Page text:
The effect of salience on mental accounting: How integration versus segregation of payment influences purchase decisions

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25 Scopus citations

Abstract

Although mental accounting principles are generally robust, the integration-of-losses principle often fails. This research argues that when information salience is high, people actively segregate. To demonstrate that effect, this research uses purchase decision making for which the total payment is a key decision factor and compares examples such as the following equivalent total payments: "$120.95 for a stroller plus $19.95 for shipping" (i.e., segregation) versus "$140.90 for a stroller including shipping" (i.e., integration). Two studies demonstrate that integration increases purchase intentions when the salience of the smaller payment is higher. Specifically, integration leads to higher purchase intentions than does segregation when (1) the surcharge is visually more salient, (2) the surcharge is easy to process, and (3) price perceptions are stimulus instead of recall driven. Therefore, this research extends mental accounting by identifying conditions in which the integration-of-losses principle is likely to prevail.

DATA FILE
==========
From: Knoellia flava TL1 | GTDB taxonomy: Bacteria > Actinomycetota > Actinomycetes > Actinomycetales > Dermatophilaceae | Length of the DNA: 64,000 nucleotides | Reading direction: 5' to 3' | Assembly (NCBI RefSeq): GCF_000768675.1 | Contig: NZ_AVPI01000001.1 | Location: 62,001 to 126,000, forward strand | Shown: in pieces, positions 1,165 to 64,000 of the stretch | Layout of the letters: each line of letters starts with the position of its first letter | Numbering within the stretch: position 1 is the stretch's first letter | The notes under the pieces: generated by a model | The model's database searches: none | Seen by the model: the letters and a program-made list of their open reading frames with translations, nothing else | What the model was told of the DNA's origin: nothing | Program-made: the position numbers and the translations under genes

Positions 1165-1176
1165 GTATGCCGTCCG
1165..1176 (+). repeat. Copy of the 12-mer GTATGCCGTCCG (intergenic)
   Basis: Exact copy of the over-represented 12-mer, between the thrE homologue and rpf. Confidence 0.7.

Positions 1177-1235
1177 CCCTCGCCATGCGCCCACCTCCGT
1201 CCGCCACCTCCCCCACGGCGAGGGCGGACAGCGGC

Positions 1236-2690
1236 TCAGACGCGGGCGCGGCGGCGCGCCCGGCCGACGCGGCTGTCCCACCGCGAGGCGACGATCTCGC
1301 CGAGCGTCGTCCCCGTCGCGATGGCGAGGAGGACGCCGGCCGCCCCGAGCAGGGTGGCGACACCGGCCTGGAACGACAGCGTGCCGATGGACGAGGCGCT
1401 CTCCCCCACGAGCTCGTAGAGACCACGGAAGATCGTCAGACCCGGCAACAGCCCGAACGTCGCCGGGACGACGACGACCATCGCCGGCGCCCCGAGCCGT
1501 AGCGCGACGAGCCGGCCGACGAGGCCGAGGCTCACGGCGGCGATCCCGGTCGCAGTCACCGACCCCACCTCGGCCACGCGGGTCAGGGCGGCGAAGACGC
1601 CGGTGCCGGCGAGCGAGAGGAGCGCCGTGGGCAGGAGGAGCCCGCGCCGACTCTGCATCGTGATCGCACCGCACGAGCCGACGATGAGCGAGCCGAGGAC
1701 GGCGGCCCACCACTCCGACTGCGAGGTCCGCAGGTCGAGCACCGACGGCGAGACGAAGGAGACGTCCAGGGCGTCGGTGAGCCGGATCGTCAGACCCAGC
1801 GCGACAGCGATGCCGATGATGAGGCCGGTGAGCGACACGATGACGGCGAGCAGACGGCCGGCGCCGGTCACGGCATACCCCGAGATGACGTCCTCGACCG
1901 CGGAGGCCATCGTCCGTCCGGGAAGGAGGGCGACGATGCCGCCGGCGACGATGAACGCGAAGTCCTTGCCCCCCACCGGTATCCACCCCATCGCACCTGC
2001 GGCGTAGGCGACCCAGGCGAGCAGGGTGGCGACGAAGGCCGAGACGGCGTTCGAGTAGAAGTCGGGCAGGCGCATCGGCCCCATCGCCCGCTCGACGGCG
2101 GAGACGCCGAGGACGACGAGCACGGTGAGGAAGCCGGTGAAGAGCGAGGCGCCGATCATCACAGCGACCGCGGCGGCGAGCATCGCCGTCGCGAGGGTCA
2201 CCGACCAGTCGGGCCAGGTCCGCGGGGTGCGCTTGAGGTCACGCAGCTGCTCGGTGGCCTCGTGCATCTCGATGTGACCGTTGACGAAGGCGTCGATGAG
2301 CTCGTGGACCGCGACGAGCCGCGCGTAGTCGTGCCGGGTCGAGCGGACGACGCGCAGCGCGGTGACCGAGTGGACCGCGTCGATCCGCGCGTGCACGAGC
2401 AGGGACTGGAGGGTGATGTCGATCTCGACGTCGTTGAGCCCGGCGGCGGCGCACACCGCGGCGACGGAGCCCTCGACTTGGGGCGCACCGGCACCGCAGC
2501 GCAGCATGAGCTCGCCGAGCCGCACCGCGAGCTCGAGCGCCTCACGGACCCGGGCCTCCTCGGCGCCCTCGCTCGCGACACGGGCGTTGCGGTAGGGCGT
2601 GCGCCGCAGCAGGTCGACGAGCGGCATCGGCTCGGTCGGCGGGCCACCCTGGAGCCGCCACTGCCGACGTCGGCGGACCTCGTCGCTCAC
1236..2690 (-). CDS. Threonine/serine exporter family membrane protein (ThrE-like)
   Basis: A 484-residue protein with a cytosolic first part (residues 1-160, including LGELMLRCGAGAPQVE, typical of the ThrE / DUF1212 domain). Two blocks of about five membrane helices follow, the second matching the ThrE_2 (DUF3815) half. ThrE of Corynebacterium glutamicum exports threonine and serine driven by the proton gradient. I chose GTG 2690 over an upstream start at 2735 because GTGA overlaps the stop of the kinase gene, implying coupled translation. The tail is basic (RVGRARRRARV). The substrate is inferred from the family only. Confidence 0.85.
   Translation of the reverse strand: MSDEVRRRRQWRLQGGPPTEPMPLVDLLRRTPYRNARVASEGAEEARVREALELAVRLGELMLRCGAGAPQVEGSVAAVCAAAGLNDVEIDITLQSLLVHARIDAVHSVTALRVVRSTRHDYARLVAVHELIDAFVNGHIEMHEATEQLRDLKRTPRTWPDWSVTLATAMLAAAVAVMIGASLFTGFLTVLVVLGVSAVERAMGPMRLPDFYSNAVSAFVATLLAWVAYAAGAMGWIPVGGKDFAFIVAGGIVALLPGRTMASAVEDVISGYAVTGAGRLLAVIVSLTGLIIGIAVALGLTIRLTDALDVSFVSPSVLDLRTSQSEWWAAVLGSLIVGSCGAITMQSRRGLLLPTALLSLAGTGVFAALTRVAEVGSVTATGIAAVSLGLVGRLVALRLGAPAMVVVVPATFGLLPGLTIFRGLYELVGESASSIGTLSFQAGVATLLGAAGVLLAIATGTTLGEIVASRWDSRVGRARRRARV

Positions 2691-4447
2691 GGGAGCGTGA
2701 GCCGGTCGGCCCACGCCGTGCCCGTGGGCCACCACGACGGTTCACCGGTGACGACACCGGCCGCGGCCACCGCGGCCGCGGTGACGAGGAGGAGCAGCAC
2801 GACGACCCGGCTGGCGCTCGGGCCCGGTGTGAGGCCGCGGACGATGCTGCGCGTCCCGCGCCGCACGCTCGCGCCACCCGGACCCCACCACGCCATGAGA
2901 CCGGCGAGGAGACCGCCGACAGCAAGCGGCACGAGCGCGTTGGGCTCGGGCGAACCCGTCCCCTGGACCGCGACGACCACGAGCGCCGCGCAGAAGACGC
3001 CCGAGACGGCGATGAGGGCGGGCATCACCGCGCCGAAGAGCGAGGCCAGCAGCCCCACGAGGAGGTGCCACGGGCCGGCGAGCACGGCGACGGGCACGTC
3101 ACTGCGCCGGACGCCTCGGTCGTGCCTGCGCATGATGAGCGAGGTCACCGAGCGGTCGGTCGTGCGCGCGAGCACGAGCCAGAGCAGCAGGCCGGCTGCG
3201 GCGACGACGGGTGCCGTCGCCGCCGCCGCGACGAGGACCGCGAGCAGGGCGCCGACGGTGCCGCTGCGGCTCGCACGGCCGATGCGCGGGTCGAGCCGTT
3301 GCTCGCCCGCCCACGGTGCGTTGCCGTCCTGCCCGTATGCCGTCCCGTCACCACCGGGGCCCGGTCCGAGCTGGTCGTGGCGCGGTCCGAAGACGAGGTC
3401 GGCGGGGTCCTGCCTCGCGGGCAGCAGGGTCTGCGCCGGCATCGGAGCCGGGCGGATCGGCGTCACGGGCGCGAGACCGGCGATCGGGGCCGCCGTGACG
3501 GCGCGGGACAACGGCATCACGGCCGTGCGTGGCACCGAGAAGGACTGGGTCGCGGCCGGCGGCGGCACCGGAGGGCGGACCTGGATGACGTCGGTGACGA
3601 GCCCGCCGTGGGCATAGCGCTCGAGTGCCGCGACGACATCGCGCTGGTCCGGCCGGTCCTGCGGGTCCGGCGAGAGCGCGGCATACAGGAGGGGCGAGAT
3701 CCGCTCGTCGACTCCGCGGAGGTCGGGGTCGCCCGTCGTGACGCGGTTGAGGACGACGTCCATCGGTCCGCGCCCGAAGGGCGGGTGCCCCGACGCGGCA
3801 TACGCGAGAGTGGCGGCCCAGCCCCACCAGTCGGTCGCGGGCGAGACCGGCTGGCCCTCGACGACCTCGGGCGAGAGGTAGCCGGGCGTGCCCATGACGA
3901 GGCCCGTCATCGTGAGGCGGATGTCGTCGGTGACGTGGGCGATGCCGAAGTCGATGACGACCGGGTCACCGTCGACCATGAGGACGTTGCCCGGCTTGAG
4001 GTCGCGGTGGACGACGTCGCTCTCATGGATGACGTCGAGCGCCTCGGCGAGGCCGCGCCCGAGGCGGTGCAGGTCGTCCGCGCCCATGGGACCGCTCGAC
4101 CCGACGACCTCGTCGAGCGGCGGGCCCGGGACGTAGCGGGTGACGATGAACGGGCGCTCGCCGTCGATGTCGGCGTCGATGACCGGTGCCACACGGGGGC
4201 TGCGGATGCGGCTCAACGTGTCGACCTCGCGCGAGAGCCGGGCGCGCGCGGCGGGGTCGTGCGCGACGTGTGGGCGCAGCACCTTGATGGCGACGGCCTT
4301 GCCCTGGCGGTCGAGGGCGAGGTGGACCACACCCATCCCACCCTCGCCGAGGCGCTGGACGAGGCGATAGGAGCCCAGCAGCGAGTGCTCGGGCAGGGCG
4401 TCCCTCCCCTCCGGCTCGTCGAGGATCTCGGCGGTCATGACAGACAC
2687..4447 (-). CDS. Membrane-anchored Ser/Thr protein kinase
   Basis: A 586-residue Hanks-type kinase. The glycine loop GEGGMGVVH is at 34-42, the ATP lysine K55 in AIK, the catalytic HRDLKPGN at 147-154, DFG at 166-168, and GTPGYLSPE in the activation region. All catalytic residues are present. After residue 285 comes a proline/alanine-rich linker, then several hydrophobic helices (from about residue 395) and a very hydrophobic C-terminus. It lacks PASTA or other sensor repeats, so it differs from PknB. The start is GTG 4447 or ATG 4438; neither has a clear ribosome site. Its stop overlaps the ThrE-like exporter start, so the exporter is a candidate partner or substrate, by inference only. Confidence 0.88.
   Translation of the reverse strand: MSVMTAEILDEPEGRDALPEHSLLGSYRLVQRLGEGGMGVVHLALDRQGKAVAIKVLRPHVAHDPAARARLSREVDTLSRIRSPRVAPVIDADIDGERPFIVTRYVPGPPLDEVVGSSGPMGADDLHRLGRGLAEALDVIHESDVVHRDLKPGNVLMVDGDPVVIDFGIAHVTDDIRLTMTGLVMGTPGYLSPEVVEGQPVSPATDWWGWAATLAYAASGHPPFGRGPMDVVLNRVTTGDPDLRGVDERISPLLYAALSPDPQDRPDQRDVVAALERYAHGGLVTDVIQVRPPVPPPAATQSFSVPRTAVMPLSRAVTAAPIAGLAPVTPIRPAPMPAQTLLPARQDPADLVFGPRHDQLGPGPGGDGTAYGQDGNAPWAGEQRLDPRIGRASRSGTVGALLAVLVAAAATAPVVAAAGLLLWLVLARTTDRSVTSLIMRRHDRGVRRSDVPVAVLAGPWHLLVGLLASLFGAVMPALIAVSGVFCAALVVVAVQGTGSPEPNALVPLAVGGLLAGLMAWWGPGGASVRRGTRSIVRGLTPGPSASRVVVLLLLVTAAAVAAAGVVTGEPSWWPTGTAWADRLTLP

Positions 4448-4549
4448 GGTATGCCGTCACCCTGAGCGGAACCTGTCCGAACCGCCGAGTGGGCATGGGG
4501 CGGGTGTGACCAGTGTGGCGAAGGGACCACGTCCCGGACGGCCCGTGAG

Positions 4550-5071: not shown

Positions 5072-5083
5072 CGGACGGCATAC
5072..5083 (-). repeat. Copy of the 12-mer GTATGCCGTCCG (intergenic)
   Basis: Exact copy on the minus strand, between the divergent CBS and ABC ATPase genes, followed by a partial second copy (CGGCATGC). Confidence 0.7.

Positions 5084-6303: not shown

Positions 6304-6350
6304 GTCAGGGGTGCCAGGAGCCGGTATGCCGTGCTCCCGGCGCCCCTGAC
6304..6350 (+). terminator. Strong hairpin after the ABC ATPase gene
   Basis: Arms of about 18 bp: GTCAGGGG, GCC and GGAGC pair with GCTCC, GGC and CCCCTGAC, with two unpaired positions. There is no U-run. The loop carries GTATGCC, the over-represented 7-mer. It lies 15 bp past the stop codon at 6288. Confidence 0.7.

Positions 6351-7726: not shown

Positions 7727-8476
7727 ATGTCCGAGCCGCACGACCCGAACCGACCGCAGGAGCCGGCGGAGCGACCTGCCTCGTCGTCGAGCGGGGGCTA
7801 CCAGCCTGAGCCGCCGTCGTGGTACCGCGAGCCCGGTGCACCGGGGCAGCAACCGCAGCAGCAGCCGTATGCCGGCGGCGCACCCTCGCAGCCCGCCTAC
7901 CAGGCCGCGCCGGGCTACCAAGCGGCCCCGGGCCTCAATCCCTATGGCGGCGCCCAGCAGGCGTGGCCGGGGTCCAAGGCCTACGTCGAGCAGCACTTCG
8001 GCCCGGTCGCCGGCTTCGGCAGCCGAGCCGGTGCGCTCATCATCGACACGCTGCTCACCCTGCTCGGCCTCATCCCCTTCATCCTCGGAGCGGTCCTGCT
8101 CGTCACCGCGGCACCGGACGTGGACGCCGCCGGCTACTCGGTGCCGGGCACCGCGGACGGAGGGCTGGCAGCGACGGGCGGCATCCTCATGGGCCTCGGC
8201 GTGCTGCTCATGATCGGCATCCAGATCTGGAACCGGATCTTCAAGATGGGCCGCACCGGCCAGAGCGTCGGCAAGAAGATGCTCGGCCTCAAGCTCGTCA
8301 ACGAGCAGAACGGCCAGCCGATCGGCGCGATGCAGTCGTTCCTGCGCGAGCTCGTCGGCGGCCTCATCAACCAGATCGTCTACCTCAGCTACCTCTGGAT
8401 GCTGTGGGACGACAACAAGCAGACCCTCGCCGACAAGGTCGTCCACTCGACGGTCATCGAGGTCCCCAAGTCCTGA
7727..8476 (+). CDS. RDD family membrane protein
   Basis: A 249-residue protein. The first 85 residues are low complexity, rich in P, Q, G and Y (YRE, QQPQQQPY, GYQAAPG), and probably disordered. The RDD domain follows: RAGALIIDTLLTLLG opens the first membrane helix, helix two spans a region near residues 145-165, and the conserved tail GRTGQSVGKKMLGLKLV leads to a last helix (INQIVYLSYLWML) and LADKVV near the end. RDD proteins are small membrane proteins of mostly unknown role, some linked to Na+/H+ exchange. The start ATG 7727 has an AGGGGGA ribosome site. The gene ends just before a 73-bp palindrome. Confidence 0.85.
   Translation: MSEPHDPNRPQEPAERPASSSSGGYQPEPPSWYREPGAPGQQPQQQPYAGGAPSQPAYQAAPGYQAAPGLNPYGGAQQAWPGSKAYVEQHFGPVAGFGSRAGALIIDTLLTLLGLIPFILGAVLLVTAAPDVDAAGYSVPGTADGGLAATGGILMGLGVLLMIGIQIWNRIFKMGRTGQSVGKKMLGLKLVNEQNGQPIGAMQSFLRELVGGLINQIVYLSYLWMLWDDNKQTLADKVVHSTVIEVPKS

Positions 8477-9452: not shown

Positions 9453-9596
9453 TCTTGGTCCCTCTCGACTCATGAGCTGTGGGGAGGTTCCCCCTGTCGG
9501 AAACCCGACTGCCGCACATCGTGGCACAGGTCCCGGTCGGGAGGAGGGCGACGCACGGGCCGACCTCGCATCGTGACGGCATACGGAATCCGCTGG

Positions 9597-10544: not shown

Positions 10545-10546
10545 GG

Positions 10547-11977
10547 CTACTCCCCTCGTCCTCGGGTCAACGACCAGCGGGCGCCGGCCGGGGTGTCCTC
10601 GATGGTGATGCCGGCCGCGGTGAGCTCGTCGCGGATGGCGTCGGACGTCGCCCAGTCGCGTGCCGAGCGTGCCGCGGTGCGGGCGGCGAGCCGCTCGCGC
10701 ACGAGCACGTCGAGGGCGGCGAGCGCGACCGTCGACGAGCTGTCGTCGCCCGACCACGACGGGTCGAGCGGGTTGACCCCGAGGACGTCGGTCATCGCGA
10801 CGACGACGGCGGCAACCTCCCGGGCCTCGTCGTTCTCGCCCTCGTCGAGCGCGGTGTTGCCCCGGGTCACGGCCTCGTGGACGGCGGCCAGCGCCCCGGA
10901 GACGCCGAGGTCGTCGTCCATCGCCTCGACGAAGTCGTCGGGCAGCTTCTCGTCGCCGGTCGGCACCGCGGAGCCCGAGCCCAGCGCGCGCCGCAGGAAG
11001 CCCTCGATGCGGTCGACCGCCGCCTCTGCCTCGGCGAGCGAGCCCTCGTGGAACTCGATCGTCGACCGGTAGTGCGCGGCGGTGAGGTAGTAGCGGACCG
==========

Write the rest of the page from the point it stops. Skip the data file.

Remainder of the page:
Original languageEnglish (US)
Pages (from-to)381-391
Number of pages11
JournalJournal of Behavioral Decision Making
Volume19
Issue number4
DOIs
StatePublished - Oct 2006
Externally publishedYes

Keywords

  • Integration
  • Mental accounting
  • Price perception
  • Segregation

ASJC Scopus subject areas

  • Decision Sciences(all)
  • Arts and Humanities (miscellaneous)
  • Applied Psychology
  • Sociology and Political Science
  • Strategy and Management

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